Action on EJ
A Guidance Document for Advancing Environmental Justice Across State Government directs executive branch departments and agencies to apply the principles of environmental justice to their operations, participate in the newly-formed Environmental Justice Inter-Agency Council and create assessments and action plans to improve the agencies’ effects on environmental justice communities.
DEP will release a report that assess how the department currently achieves environmental justice and what EJ gaps exist. The initial assessment report will give way for an action plan detailing next steps for EJ implementation.
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New Jersey Protecting Against Climate Threats (PACT) is a targeted regulatory reform effort to update air quality and environmental land use regulations to enable governments, businesses and residents to effectively respond to current climate threats and reduce future climate damages.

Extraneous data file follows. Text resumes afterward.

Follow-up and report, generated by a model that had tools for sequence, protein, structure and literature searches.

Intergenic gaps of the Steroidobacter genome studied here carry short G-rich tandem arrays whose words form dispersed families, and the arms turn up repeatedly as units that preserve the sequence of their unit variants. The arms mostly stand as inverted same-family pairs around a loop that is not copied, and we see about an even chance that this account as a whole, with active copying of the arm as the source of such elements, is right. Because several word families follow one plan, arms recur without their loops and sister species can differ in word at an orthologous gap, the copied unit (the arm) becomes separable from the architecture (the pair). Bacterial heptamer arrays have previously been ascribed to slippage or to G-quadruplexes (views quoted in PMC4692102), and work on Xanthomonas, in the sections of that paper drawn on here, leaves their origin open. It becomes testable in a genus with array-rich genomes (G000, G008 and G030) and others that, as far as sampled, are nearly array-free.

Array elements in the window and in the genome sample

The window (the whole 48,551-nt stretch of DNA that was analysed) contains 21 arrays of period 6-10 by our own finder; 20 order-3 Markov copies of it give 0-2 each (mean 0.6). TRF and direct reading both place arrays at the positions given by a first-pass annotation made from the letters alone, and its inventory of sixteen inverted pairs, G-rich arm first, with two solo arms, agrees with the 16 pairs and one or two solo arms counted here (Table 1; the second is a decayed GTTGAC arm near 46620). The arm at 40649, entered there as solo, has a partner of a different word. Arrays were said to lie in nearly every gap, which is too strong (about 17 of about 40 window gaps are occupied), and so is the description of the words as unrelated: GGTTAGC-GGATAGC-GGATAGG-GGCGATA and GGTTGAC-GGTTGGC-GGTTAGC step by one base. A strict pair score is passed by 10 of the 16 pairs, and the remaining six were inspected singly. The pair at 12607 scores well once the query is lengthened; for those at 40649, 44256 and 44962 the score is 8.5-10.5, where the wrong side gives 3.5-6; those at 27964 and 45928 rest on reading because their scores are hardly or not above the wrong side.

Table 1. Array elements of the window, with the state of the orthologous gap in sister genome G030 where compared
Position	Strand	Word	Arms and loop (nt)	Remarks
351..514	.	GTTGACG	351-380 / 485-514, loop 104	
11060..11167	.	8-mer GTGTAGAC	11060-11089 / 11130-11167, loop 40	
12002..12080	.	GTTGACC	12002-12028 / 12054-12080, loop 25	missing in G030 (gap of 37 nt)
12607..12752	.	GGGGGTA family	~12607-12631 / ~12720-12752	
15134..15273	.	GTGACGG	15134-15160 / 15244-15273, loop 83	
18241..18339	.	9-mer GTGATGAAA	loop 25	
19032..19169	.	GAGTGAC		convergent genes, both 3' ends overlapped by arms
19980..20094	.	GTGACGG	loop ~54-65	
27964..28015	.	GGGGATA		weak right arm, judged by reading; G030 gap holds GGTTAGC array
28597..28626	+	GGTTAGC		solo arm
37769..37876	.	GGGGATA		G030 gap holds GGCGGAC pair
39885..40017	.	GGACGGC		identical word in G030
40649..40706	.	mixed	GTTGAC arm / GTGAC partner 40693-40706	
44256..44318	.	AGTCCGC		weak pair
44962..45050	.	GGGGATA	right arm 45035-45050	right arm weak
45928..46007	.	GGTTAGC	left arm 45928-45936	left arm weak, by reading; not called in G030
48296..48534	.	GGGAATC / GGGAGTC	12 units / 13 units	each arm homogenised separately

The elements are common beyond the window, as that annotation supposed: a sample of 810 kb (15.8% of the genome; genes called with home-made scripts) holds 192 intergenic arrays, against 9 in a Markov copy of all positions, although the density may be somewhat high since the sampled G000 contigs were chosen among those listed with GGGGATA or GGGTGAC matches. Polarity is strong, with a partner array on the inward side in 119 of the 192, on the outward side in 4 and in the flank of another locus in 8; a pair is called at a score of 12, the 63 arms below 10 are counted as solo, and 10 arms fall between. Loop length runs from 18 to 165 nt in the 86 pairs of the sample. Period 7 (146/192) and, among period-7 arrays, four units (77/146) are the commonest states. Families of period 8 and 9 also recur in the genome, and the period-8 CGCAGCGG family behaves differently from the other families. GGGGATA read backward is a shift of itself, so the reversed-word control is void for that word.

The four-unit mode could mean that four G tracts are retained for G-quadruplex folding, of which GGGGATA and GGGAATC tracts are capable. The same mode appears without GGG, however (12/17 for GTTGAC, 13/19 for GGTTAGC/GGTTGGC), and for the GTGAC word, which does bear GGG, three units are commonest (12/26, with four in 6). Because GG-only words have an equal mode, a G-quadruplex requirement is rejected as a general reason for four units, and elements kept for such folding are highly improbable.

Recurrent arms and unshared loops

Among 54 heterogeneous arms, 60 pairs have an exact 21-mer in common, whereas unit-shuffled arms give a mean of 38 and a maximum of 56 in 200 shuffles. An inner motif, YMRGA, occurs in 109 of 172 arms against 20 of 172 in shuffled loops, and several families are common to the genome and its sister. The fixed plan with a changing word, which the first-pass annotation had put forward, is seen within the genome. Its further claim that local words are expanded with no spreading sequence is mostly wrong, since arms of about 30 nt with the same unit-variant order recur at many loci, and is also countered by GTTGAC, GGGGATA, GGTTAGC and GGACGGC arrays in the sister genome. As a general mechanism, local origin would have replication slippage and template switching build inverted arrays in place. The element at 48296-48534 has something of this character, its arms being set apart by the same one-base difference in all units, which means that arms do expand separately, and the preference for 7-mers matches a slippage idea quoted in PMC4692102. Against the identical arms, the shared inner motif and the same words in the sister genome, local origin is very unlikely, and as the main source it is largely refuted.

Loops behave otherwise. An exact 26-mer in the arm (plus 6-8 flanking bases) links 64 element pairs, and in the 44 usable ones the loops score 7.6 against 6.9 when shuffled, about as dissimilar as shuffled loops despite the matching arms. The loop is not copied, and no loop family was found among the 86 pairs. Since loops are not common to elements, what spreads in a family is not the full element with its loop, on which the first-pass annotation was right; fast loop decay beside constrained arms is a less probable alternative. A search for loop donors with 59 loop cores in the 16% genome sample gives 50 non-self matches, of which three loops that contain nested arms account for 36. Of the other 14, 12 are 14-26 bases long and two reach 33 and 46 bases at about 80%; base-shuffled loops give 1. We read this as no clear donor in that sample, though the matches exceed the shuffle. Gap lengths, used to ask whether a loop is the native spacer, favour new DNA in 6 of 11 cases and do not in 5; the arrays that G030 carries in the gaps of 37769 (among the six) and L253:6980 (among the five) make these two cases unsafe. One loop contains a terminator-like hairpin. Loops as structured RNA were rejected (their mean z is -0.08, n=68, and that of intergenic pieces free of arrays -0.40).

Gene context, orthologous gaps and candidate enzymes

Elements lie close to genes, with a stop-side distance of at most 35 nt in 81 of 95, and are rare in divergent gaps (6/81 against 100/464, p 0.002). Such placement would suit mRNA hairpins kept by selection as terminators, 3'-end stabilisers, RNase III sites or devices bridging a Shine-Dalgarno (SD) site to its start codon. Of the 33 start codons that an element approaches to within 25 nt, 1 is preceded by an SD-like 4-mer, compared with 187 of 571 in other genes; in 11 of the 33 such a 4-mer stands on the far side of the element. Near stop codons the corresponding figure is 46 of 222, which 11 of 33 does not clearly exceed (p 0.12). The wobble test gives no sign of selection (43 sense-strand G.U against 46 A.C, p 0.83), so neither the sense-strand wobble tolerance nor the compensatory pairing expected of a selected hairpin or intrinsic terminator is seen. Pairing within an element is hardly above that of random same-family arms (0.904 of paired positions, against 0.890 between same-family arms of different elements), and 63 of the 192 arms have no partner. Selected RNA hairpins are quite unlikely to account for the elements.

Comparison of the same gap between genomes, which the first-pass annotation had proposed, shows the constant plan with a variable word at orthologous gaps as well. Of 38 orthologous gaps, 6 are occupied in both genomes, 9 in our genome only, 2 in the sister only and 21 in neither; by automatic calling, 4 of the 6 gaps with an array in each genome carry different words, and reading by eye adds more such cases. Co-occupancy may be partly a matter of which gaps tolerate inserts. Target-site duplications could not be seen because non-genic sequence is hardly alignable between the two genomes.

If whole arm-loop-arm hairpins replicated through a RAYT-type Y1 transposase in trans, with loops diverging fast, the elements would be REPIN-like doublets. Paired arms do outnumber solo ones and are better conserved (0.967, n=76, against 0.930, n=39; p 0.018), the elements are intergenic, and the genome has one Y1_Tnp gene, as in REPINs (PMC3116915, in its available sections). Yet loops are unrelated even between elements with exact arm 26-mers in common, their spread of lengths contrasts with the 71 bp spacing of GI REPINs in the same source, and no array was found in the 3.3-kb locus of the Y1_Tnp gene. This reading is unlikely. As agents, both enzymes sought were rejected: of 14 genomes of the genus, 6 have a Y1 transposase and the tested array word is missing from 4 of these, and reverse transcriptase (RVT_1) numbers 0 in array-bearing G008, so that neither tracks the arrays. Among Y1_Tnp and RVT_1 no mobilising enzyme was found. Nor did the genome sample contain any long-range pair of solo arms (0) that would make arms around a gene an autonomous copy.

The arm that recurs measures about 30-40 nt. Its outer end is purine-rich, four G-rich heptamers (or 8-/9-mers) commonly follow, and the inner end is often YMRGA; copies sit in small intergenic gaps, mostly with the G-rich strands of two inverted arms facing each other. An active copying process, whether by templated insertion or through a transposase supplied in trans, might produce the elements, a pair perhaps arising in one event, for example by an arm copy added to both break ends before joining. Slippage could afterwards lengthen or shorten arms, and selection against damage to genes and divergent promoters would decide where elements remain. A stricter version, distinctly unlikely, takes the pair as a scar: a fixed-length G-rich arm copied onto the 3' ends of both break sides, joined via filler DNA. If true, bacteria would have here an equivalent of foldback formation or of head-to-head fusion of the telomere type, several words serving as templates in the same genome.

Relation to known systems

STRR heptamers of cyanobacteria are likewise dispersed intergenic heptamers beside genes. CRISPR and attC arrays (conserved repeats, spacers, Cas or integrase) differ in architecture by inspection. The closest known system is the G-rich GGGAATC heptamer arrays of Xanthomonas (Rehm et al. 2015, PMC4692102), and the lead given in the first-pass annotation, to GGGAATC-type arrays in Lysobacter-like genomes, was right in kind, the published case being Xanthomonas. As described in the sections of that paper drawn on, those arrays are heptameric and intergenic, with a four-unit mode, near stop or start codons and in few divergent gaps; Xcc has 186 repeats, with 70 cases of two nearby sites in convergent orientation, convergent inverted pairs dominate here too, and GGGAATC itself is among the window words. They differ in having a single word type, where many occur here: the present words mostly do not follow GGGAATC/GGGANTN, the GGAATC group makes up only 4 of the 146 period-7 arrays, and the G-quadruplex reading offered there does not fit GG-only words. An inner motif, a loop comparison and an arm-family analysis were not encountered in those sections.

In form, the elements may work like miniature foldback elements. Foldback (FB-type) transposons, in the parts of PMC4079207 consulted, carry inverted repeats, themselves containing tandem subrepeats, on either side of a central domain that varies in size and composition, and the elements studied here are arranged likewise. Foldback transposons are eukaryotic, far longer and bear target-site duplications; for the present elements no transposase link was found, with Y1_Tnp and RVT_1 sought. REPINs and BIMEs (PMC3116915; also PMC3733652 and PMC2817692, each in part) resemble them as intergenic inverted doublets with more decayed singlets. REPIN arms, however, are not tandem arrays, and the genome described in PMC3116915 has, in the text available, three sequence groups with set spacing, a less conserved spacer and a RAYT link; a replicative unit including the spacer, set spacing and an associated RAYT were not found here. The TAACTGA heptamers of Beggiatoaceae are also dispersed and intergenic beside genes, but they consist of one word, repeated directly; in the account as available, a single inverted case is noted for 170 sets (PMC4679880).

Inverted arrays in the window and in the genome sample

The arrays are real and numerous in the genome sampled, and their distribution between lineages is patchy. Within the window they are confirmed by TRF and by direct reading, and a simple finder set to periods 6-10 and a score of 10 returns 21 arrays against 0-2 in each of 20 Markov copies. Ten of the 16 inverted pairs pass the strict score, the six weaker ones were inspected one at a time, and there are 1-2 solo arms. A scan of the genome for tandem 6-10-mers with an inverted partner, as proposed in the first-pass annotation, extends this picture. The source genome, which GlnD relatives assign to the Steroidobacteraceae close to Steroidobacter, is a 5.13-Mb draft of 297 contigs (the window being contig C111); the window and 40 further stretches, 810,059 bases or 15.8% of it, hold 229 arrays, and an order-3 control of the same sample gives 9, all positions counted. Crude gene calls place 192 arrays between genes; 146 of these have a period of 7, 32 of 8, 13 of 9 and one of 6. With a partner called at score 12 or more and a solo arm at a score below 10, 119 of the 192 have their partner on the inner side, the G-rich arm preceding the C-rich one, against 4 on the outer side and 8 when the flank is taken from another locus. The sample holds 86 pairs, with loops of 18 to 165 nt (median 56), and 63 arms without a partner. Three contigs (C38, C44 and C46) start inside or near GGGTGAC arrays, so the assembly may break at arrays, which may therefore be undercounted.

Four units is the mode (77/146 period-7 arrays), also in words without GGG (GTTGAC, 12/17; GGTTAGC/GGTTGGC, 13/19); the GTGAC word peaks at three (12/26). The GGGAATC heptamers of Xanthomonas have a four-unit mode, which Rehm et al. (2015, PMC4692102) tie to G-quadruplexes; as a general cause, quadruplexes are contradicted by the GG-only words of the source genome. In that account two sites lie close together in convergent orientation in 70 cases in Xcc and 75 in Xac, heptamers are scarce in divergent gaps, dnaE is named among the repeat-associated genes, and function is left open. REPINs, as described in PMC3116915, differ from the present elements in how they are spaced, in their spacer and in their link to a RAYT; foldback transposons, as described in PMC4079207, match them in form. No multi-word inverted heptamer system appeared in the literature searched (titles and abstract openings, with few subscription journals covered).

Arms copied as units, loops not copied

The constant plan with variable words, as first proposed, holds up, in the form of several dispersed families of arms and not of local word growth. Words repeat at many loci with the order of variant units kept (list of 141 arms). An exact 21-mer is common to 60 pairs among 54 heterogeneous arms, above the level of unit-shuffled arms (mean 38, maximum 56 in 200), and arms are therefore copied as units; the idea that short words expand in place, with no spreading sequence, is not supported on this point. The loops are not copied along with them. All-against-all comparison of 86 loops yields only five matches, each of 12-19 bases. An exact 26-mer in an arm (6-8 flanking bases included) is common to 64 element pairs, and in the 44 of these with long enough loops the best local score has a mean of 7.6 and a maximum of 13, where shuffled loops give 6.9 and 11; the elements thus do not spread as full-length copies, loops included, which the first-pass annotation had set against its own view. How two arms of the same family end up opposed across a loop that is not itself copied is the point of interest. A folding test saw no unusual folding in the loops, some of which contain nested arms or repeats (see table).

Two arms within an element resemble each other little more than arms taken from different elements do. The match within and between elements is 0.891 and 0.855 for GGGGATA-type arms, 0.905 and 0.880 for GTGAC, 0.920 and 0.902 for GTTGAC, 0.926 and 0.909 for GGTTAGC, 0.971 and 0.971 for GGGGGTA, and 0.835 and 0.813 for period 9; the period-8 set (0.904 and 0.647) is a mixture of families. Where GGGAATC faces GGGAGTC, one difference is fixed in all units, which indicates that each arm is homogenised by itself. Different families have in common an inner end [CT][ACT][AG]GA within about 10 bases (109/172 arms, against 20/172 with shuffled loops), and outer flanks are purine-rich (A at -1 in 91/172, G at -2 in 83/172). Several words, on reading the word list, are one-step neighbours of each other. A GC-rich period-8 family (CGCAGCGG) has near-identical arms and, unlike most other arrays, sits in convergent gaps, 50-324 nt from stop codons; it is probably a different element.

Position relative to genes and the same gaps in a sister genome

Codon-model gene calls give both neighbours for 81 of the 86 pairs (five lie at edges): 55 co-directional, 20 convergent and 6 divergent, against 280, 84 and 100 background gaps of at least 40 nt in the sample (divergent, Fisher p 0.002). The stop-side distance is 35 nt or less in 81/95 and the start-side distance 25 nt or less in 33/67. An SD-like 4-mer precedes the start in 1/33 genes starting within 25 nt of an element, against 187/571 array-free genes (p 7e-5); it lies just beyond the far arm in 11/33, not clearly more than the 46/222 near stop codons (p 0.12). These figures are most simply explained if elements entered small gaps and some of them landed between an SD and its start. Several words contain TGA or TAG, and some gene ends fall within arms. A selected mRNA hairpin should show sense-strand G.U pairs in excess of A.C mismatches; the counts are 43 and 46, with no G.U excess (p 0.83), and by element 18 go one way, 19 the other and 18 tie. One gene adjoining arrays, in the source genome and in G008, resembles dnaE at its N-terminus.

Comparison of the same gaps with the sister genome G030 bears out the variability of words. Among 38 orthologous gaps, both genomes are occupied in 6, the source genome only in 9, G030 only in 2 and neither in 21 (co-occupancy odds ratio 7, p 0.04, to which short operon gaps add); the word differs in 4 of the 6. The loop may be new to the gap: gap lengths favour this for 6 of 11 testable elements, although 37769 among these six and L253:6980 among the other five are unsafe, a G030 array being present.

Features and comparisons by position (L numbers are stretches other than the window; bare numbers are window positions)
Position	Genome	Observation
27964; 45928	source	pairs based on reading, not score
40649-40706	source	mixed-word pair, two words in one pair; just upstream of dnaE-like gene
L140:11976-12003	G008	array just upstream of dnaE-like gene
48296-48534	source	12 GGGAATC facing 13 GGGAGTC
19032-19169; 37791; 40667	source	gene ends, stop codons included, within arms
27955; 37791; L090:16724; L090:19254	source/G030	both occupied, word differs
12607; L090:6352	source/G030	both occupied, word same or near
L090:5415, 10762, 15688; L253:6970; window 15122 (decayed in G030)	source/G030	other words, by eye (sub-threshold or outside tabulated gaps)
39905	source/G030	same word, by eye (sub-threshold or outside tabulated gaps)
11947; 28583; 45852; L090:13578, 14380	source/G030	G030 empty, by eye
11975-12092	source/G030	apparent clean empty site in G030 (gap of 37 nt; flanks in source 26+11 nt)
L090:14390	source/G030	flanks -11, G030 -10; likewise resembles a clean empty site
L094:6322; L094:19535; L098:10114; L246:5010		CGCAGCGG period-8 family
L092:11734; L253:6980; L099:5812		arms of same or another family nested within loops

Executive Order No. 89 appointed a Chief Resilience Officer and established a Climate and Flood Resilience Program within DEP. It also establishes an Interagency Council on Climate Resilience to develop a Statewide Climate Change Resilience Strategy to promote long-term climate mitigation, adaptation and resilience in New Jersey.
The Regional Greenhouse Gas Initiative (RGGI) is part of Governor Murphy’s goal to achieve 100% clean energy by 2050. Shifting to clean and renewable energy sources reduces greenhouse gas emissions that are already causing climate impacts in New Jersey, particularly in economically disadvantaged communities.
The Department is committed to working with Combined Sewer Overflow (CSO) permittees and CSO communities to reduce or eliminate CSOs. The individual CSO permits encourage collaboration on projects that will provide urban redevelopment opportunities, improve water quality, beautify neighborhoods, and improve the overall quality of life in our urban communities.
Urban & Community Forestry programs ensure more livable communities through the care and management of trees. Neglect and urban stress limit the life span of the average downtown tree to only ten years. With proper care, trees live longer, look better, and increase in value as they age.